Pirelli choose softer tyres for first three races

2012 F1 season

Bruno Senna, Williams, Jerez, 2012

Bruno Senna tests Pirelli's 2012 tyres in Jerez

Pirelli have announced the tyre compounds which will be available at the first three races of the 2012 season.

F1’s official tyre supplier will bring softer selections from their range for the opening races, compared to those which were used last year.

Pirelli have previously announced their 2012 soft, medium and hard compounds are softer than those used last year.

The tyre choices for the first three races are as follows:

Race 2012 tyre compounds 2011 tyre compounds
Australian Grand Prix Soft/medium Soft/hard
Malaysian Grand Prix Medium/hard Soft/hard
Chinese Grand Prix Soft/medium Soft/hard

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50 comments on Pirelli choose softer tyres for first three races

  1. Denzel Brown (@lewiswdc11) said on 15th February 2012, 15:51

    Meduim hard? How’s that going to work?

    • Keith Collantine (@keithcollantine) said on 15th February 2012, 15:53

      @lewiswdc11 I don’t follow – what makes you think it won’t work?

      • Denzel Brown (@lewiswdc11) said on 15th February 2012, 15:59

        I don’t understand why Pirelli would take 2 harder compound tyres to a race weekend? Malaysia isn’t really a track like Hungary where the degradation is off the roof, so hence my comment hows it going to work for the teams in particular, I know they’ve made last years soft tyre this years medium tyre but surely couldn’t they use the Softer compound to make the race more interesting and exciting to spice it up a bit.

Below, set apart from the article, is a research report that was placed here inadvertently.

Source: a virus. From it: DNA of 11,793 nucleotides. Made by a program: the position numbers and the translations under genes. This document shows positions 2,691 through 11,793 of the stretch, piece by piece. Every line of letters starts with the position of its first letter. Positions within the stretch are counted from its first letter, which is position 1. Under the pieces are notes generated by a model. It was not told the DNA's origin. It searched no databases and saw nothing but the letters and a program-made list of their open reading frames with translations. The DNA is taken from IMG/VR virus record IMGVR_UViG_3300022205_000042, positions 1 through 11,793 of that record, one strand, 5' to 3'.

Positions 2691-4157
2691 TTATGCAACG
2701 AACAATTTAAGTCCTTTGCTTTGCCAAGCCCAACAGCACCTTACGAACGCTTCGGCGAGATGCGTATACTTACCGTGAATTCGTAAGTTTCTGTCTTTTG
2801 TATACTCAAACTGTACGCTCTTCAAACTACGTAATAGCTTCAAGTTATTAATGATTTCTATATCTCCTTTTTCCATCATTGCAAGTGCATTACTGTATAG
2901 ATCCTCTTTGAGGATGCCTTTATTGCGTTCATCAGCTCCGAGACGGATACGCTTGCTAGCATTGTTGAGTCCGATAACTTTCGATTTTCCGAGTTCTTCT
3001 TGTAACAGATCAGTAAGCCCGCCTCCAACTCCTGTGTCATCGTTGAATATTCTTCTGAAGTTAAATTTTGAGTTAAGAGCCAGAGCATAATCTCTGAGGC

• Keith Collantine (@keithcollantine) said on 15th February 2012, 16:11

          Hungary isn’t a particularly tough track for tyres, hence they used the softest possible tyre combination there last year. Whereas Sepang is very hot and has a lot of long, quick corners. I believe the surface is more abrasive too.

          Given that we haven’t seen the new tyres in action yet, I wouldn’t leap to the conclusion that they need to “use the softer compound to make the race more interesting and exciting to spice it up a bit”.

        • Andy G (@toothpickbandit) said on 15th February 2012, 16:13

          ?? Malaysia degradation was crazy last year if I recall?

        • BasCB (@bascb) said on 15th February 2012, 17:38

          But if we take in account, that the tyres this year are softer, It would meant that especially for Malaysia, Pirelli bring more or less the same hardness of compounds they did last year lewiswdc11, don’t they?

          To me the bigger change is, that for this year they are trying to bring two compounds that might both work with the track instead of having one type everyone wants and the other one just because its mandatory.

        • Younger Hamii (@younger-hamii) said on 15th February 2012, 19:00

          I believe the reason why Pirelli took Softer compounds for Hungary last year is the lack of rubber on the tarmac, which is mainly due to the lack of Motorsport venues held there during the year. Yes there’s GP2 & GP3 but obviously they’re held on the same weekend as F1

      • UKFan (@) said on 15th February 2012, 17:15